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There were some unexpected guests waiting outside the Destination D.C. headquarters on I Street NW this morning as Ward 2 D.C. Councilmember Jack Evans met with the D.C. Business Coalition. More than 50 people organized by the Washington Interfaith Network gathered outside the meeting to push Evans to help put $44 million in city funds into affordable housing and jobs.
Monsignor Charles Pope, a leader of WIN, says they’ve had a good relationship with Evans and see him as an ally, but are putting some pressure on him to make good on a promise he and other councilmembers made at an event last December to support those priorities.
“We’re a little concerned that some of his recent statements suggest he might not be willing or able to keep the promises he made to us on December 5,” Pope says.
WIN also wanted the business community to know their concerns about “affordable housing and the urgent needs to see funds returned.”
Evans says he does plan to help find money for WIN’s projects, though exactly where in the budget the funds would come from isn’t clear.
The Rev. Jeff Krehbiel, co-chair of WIN, thinks last year’s budget cuts come at a particularly troubling time—when homelessness in the District was increasing.
“Five years ago the goal set was to move 7,000 homeless people into permanent supportive housing,” Krehbiel said. “Today there’s been 2,000.” WIN members think these numbers, paired with increasing homelessness indicate that the government should be doing more, not less.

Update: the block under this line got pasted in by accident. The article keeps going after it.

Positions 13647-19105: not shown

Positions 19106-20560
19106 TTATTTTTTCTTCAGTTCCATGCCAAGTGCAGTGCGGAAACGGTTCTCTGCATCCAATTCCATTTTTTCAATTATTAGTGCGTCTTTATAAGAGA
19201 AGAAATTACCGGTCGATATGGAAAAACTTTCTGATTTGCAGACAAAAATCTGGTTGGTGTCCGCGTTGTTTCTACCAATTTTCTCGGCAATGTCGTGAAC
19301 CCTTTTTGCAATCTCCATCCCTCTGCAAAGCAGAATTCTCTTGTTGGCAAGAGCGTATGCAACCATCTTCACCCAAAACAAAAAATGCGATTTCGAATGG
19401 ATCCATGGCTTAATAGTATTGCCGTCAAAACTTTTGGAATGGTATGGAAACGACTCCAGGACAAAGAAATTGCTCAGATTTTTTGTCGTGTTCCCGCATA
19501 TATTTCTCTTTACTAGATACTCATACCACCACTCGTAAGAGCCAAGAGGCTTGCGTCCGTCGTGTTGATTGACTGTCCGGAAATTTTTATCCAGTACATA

Jasmine Williams agrees. She’s a 20-year-old trying to get on her feet and has been homeless in the past. Even though she has a job, she’s having a hard time finding housing and is thankful for the six-month extension to stay in the independent living situation program she’s in.
“I wish the higher-ups in the city would keep in mind the less fortunate when making such cuts to affordable housing,” Williams said. “Having somewhere to lay your head is a simple need, but a necessary one, and not having anywhere to sleep just puts a lot of stress on a lot of other things we having going on in our lives.”
Today’s protest wasn’t just about affordable housing, though. It was also critical of the DCBC and called “out the hypocrisy of the same business elites calling for austerity for residents while lining up for government subsidy, contracts, and benefits.” Or as Pope, puts it, “everyone should share in the pain and also the gain.”
Pope stresses WIN is looking to engage and find allies in the business community and aren’t against development or growth. They do, however, take issue with the letter DCBC wrote to Council Chairman Kwame “Fully Loaded” Brown last May that calls for halting the “unsustainable growth of government,” arguing that it led to the cut and defunding of popular programs.
Some of the people Evans was meeting with, though, disagreed with the folks outside. Michael Burlas is a D.C. Business Coalition member and Chairman of Associated Builders and Contractors Chair of Metropolitan Washington and thinks WIN misunderstands the business community.
“The business community is not asking the council to cut back of affordable housing and other social services,” he says. “What we’re asking is that the city use more efficiently the resources it currently has.”
Photo by Darrow Montgomery